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Original Research: VENOUS THROMBOEMBOLISM |

Coagulopathy Does Not Protect Against Venous Thromboembolism in Hospitalized Patients With Chronic Liver Disease

Ousama Dabbagh, MD, MSPH, FCCP; Aabha Oza; Sumi Prakash, MD; Ramez Sunna, MD; Timothy M. Saettele, MD
Author and Funding Information

From the Division of Pulmonary, Critical Care, and Environmental Medicine, University of Missouri–Columbia, Columbia, MO.

Correspondence to: Ousama Dabbagh, MD, MSPH, FCCP, Division of Pulmonary, Critical Care, and Environmental Medicine, University of Missouri–Columbia, 5 Hospital Dr, CE428 CS&E Bldg, Columbia, MO 65212; e-mail: dabbagho@health.missouri.edu


Reproduction of this article is prohibited without written permission from the American College of Chest Physicians (www.chestpubs.org/site/misc/reprints.xhtml).


© 2010 American College of Chest Physicians


Chest. 2010;137(5):1145-1149. doi:10.1378/chest.09-2177
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Background:  It is uncertain whether pathologically prolonged international normalized ratio (INR) seen in chronic liver disease (CLD) protects against venous thromboembolism (VTE). Previous studies reported VTE incidence of 0.5% to 1.9% in patients with CLD. We sought to evaluate VTE incidence among hospitalized patients with CLD according to INR levels.

Methods:  This was a retrospective cohort study performed at a tertiary university hospital. We included all adult patients admitted with a primary diagnosis of CLD over a 7-year period. The primary outcome was the development of VTE during hospital stay. Patients were divided into quartiles according to their highest admission INR. VTE events and prophylaxis rates were compared among INR quartiles.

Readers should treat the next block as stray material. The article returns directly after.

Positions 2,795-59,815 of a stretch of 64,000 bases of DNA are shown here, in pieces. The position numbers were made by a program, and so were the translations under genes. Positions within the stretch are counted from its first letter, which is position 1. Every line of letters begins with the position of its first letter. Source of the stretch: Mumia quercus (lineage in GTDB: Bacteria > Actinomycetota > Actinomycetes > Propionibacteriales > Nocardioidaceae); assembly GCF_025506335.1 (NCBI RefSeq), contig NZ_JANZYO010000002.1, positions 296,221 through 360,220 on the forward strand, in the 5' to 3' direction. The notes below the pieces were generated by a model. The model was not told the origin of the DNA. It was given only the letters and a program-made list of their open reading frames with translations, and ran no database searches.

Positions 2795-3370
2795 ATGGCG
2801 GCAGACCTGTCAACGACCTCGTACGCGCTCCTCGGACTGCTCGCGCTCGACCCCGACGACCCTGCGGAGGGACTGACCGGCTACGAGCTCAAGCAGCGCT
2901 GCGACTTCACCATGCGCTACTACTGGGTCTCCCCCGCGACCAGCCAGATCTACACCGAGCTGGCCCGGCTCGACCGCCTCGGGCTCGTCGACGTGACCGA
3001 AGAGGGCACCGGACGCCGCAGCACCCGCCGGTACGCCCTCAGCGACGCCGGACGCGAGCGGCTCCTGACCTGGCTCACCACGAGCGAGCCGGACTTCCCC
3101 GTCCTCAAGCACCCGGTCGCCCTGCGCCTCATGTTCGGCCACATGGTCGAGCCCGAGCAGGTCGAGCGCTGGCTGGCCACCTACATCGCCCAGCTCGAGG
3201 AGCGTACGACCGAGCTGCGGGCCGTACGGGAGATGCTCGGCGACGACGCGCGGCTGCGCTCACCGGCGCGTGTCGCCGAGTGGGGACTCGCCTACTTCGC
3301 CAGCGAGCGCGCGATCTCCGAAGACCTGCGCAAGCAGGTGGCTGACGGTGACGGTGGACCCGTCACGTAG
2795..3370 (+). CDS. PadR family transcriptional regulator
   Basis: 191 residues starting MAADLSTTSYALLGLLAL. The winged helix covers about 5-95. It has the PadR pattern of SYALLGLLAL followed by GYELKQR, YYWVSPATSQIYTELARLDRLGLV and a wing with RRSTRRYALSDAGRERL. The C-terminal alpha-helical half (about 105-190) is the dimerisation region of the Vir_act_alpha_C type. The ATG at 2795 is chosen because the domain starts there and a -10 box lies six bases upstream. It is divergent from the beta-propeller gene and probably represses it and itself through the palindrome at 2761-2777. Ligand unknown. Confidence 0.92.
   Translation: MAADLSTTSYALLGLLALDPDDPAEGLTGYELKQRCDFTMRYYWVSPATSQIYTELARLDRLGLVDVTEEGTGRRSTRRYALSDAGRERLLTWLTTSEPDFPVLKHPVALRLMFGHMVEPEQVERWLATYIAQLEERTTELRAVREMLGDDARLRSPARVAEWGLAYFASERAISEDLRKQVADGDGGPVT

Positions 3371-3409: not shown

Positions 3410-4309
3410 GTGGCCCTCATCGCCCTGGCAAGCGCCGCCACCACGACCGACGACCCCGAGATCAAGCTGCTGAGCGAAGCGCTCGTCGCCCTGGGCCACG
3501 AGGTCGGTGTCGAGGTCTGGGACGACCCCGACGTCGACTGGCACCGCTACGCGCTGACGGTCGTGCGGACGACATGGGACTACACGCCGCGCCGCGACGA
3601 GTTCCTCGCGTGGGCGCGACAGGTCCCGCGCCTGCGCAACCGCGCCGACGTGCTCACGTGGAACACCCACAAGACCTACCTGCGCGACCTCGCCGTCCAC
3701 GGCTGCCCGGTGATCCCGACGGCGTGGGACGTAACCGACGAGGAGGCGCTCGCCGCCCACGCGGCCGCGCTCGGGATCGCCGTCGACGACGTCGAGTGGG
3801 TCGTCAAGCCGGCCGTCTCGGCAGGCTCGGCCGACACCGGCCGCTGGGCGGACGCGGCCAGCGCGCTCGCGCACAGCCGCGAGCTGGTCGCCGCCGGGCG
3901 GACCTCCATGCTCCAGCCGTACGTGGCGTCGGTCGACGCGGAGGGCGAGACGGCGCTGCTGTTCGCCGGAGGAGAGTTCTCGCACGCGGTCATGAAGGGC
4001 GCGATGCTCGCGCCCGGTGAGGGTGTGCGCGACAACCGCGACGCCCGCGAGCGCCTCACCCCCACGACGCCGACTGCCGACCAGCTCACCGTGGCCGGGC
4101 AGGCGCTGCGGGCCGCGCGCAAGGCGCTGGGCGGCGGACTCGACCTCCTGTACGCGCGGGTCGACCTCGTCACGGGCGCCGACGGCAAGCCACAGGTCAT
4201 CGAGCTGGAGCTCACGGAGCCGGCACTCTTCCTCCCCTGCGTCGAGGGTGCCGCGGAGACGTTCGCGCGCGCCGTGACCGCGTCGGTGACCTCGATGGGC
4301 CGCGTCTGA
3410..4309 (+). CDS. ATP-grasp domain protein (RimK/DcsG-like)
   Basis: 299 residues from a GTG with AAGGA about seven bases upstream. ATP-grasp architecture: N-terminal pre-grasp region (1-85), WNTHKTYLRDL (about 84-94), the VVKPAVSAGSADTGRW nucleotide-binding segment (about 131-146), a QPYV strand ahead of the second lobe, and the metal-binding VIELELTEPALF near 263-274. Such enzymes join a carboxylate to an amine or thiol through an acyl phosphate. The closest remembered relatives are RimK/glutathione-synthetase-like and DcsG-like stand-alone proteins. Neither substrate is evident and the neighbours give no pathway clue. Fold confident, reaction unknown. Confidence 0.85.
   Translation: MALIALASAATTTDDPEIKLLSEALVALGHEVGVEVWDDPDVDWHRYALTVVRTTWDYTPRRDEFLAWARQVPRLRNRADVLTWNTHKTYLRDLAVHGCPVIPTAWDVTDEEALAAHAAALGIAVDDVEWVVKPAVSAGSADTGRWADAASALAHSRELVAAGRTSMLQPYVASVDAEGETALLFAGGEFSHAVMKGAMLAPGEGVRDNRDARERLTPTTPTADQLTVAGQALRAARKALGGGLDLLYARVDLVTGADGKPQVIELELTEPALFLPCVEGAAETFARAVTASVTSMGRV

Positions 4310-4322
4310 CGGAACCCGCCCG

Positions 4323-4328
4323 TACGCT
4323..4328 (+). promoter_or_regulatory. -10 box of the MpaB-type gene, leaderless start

Results:  During the allotted 7-year period, we included 190 patients. Of these, 12 developed VTE events, yielding a VTE incidence of 6.3%. There was no significant difference in the incidence of VTE between INR quartiles. Hospital mortality rates were higher in the higher INR quartiles than in the lower ones (P < .001), but hospital length of stay was not significantly different. Of the patients with documented VTE, one (4.2%) was Child-Pugh stage A, three (4.6%) were stage B, and eight (8.0%) were stage C (P = .602). VTE prophylaxis was not used in 75% of patients.

Conclusions:  An elevated INR in the setting of CLD does not appear to protect against the development of hospital-acquired VTE. The notion that “auto-anticoagulation” protects against VTE is unfounded. Use of DVT prophylaxis was extremely low in this population.

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